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Re: talloc quiz, and: dangling talloc references and inconsistencies in

Subject: Re: talloc quiz, and: dangling talloc references and inconsistencies in the talloc model
From:
Date: Fri, 16 Jan 2009 11:19:54 +1100
Hi Sam,

First off, I should say that talloc_reference() is definately the
trickiest part of talloc, and that I often try to avoid it. I've also
been quite tempted to change talloc to fail explicit talloc_free()
calls when a pointer has a reference and to require that
talloc_unlink() be used in that case. An explicit talloc_free() just
doesn't give enough information to the talloc library to always do the
'right thing'.

That said, I don't agree with the proposed solution (though perhaps
you can convince me). I deliberately chose the current semantics for a
good reason.

To keep it concrete, let's look at the example you added to the test
suite:

        void *root, *p1, *p2, *ref, *r1;

        root = talloc_named_const(NULL, 0, "root");
        p1 = talloc_named_const(root, 1, "p1");
        p2 = talloc_named_const(p1, 1, "p2");
        /* Now root owns p1, and p1 owns p2 */

        r1 = talloc_named_const(root, 1, "r1");
        ref = talloc_reference(r1, p2);

This is the setup you are concerned about. You now worry about the
difference from the point of view of r1 between talloc_free(p1) and
talloc_free(p2). I'd like to expand that to a 3rd case for you to
consider, which is talloc_free(r1).

What talloc is really trying to simulate with references is the
ability for a pointer to have two parents. The only difference between
the two parents of p2 is that one was established earlier than the
other. The fact that internally talloc considers one to be an 'owner'
and the other a 'reference' is supposed to be hidden as far as
possible from the programmer. Unfortunately it isn't completely
hidden.

So from that point of view the memory tree looks like this:

                           root
                            / \
                           /   \
                          /     \
                         /       \
                        r1       p1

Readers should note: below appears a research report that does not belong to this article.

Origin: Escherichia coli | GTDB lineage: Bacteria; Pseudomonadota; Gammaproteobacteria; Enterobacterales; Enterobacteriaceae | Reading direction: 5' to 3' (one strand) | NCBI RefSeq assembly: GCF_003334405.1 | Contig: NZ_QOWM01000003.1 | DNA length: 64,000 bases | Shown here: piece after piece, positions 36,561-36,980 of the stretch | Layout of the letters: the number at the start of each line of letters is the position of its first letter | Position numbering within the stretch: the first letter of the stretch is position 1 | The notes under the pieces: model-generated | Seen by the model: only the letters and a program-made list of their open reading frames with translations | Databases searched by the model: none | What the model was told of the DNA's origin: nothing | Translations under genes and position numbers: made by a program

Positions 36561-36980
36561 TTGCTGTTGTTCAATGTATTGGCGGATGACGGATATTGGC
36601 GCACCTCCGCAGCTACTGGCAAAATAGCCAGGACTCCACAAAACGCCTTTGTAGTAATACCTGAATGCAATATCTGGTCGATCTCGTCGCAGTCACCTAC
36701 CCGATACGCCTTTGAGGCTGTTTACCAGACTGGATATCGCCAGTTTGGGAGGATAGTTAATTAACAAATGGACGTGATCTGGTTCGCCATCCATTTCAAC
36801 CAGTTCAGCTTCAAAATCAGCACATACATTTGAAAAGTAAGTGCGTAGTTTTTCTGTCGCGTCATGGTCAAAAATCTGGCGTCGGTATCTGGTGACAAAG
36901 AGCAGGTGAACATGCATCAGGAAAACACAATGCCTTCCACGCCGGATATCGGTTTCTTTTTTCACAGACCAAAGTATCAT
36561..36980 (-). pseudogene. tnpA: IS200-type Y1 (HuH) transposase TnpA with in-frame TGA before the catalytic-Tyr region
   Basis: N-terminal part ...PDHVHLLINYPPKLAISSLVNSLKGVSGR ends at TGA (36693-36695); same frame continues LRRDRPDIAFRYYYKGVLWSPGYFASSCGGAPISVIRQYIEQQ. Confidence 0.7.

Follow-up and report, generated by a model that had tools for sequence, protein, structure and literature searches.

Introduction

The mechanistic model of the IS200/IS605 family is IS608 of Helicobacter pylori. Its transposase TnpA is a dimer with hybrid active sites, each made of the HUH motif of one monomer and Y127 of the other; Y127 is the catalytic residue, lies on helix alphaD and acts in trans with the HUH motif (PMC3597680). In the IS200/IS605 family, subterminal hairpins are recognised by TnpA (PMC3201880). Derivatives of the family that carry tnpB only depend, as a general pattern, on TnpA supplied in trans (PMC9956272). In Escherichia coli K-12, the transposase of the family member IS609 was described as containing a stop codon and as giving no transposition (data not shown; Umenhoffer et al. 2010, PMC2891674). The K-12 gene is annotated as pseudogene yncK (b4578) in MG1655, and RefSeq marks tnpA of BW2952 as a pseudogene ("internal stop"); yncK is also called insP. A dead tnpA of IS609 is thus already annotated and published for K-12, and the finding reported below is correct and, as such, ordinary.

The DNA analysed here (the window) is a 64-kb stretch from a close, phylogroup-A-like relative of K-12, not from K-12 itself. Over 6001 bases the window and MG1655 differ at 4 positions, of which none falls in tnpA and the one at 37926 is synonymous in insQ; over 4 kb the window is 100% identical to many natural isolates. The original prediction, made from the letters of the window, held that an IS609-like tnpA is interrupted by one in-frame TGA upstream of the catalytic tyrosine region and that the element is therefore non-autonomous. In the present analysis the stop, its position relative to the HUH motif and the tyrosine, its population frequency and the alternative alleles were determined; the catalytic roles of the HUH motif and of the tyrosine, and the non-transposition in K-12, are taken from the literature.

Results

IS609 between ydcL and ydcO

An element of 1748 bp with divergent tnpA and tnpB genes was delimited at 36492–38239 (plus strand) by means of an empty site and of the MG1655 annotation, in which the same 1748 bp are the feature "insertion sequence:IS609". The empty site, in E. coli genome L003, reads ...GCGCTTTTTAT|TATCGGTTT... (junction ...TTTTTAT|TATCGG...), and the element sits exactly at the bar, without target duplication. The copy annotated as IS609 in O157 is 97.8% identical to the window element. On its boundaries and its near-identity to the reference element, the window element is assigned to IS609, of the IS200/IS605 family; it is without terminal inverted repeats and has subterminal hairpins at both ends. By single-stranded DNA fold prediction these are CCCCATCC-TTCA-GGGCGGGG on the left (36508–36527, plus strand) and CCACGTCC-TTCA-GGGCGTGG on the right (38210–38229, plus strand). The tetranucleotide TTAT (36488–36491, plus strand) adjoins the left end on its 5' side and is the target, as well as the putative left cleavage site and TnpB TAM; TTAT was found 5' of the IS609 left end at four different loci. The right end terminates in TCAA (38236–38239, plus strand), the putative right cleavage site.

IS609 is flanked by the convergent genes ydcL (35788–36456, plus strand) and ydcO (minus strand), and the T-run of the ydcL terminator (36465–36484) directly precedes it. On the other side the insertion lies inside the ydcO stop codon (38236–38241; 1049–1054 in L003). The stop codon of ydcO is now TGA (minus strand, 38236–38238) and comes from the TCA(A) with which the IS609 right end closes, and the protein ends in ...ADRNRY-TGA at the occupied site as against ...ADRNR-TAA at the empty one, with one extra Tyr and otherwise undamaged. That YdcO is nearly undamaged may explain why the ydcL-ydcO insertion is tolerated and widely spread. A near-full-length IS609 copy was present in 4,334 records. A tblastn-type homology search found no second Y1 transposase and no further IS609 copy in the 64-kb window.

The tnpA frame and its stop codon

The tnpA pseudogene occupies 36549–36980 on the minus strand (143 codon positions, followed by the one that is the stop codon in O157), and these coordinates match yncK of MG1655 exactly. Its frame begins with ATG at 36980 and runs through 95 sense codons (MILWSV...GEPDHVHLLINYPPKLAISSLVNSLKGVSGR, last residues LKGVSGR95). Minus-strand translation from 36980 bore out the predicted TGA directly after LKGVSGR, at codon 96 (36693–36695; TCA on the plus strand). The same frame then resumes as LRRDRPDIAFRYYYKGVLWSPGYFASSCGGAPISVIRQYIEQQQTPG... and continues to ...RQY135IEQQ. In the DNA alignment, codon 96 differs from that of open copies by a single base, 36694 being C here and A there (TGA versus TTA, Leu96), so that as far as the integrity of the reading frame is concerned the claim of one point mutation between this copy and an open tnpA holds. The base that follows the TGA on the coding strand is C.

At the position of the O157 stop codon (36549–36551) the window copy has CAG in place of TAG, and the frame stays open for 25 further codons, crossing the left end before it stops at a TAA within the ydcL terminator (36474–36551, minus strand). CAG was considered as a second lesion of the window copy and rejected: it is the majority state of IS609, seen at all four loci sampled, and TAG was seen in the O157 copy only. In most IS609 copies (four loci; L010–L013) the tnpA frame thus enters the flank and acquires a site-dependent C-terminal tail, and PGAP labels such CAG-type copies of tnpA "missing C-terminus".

\      / 
                           \    /
                            \  /
                          (p2,ref)

Notice that I've labelled the bottom pointer with two names. The value
of p2 is guaranteed to be the same value as ref, so they are the same
pointer. When p2 or ref is passed to a function we have no way to
distinguish which is being used (as its the same value).

So let's look at the 3 cases and try to work out the intent of the
programmer in each case.

  1) talloc_free(r1). The intent in this case is very clear. The
  programmer is destroying the tree starting at r1, which means we
  should end up with this:

                           root
                              \
                               \
                                \
                                 \
                                 p1
                                 / 
                                /
                               /
                          (p2,ref)

  2) talloc_free(p1). The intent in this case is also clear in this
  case. The programmer is destroying the tree starting at p1, which
  means we should end up with this:

                           root
                            /  
                           /    
                          /      
                         /        
                        r1         
                          \        
                           \     
                            \   
                          (p2,ref)

  3) talloc_free(p2). This is the tricky one. There is no way to
  distinguish this from talloc_free(ref), so we have to choose one of
  the two above approaches. The approach I chose in talloc was that
  the most recent parent should be removed. This is because with no
  way to distinguish what the programmer wanted I needed some
  consistent rule to use, and that is the most logical rule I could
  think of and it made sense to me in terms of the common nesting used
  with references. That gives us this:

                           root
                            / \
                           /   \
                          /     \
                         /       \
                        r1       p1
                                 / 
                                /
                               /
                          (p2,ref)


The test_implicit_explicit_free() test checks on something quite
different, and ignores the "two parent" view of talloc references. I
think it is looking for consistency in the wrong way, and ignores the
fact that talloc_free(p2) is the same call as talloc_free(ref). It
also increases the exposure to the programmer of the idea of who is
the 'owner' of a pointer, thus reducing the illusion talloc tries to
create of having a true multi-parent tree structure.

btw, the 'quiz' questions you posted don't make any sense to me, as
they don't explain that the functions save_for_later() and
sneak_final_look() do. If you give some explicit, runnable, code then
it would make more sense to me. Just saying "you got everything right"
doesn't tell me what the code actually does. There could well be bugs
in talloc, but I'd need test cases to confirm that it really is a bug.

Cheers, Tridge

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